Wednesday, April 8, 2015

Carolina Climbing

We picked a dubious weather week for some road cycling in Brevard, NC. Heading down last Saturday, there was high probability of rain every day Monday through Friday. At least it wouldn't be cold like it was in 2012 when I last came down here. That trip saw flurries some mornings, and the Blue Ridge Parkway was closed due to wintry conditions. The Parkway provides some of the finest early season riding in the southeast. Tourism season doesn't ramp up until May, so the Parkway is essentially a ridge top bike path. Now just if the weather would cooperate enough to let us complete some big loops without getting drenched or electrocuted.

After building the bikes up Saturday, Brett and I were able to squeeze in a classic loop that is the core of an organized ride called "Assault of the Carolina's." It passes over Caesar's Head in South Carolina, the state's highest point.  The 51mi, 5100ft loop did some damage. It was a bit more than a bike "shakedown" ride.

We rented a house outside of Brevard. It sits 1000ft higher than town at about 3200ft elevation. Rides from the house entail 1300ft total climbing to get back up to the house. About 300ft of this vertical are at 17-19% grade. Yeah, that'll feel great after a long day in the saddle. I think Arik, who unfortunately couldn't make the trip, deliberately picked this rental because we bitched about the other house we've rented a couple times. It had a 400-500ft climb up to it. That'll teach us...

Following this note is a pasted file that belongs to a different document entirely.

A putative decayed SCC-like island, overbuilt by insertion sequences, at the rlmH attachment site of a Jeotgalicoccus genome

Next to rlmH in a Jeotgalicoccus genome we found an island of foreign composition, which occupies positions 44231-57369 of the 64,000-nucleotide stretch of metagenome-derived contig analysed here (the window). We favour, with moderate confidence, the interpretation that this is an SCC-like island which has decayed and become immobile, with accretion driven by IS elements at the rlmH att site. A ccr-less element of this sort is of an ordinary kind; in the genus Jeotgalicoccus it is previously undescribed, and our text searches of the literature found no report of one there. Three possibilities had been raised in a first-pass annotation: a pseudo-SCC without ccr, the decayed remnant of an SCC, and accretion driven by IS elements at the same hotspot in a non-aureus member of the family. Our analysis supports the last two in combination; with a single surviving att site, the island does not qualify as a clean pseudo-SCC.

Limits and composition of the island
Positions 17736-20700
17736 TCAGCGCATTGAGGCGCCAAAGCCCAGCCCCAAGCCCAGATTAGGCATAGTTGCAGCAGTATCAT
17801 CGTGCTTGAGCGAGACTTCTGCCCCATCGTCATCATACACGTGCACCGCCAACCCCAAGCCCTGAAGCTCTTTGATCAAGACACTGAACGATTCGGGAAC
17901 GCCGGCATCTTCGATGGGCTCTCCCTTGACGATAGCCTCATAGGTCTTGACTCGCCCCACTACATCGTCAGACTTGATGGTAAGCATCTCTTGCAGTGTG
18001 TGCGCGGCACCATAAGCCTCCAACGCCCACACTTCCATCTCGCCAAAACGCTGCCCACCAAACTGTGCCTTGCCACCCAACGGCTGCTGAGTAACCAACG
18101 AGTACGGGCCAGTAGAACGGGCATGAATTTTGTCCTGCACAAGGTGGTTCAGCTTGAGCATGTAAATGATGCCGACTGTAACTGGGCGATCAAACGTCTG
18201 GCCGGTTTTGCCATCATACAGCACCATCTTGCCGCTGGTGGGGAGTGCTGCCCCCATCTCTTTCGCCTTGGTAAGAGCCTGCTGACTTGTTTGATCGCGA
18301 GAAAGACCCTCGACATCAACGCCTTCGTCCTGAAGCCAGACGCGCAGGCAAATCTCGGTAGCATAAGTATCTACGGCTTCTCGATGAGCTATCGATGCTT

Sunday was the only 0% chance precip day of trip. We had to go long.  Tom arrived late the night before, so three of us headed out from the house. The planned route was another classic, the 215/276 loop which entails two major climbs up to and over the Parkway.  90+ miles and 8000ft of climbing. Unfortunately, a portion of the Parkway between 215 and 276 is being worked on and closed, precluding other route options that traverse this scenic section. That climb back up to the house? Brett cramped up horrifically approaching it, and I nearly had to push my bike up the 19%. I did not bring a compact crank but did have a 32t cassette on back. Oh boy, the rides are going to get more interesting as the trip progresses.

The next couple days we did shorter, closer to the house rides due to high threat of rain and storms. The rides averaged about 50 miles and over 5000ft of climbing.  Not what we hoped for, but none of us are really into riding in the rain with the extra bike maintenance it entails. Shorter does not mean easy. It means you can go harder.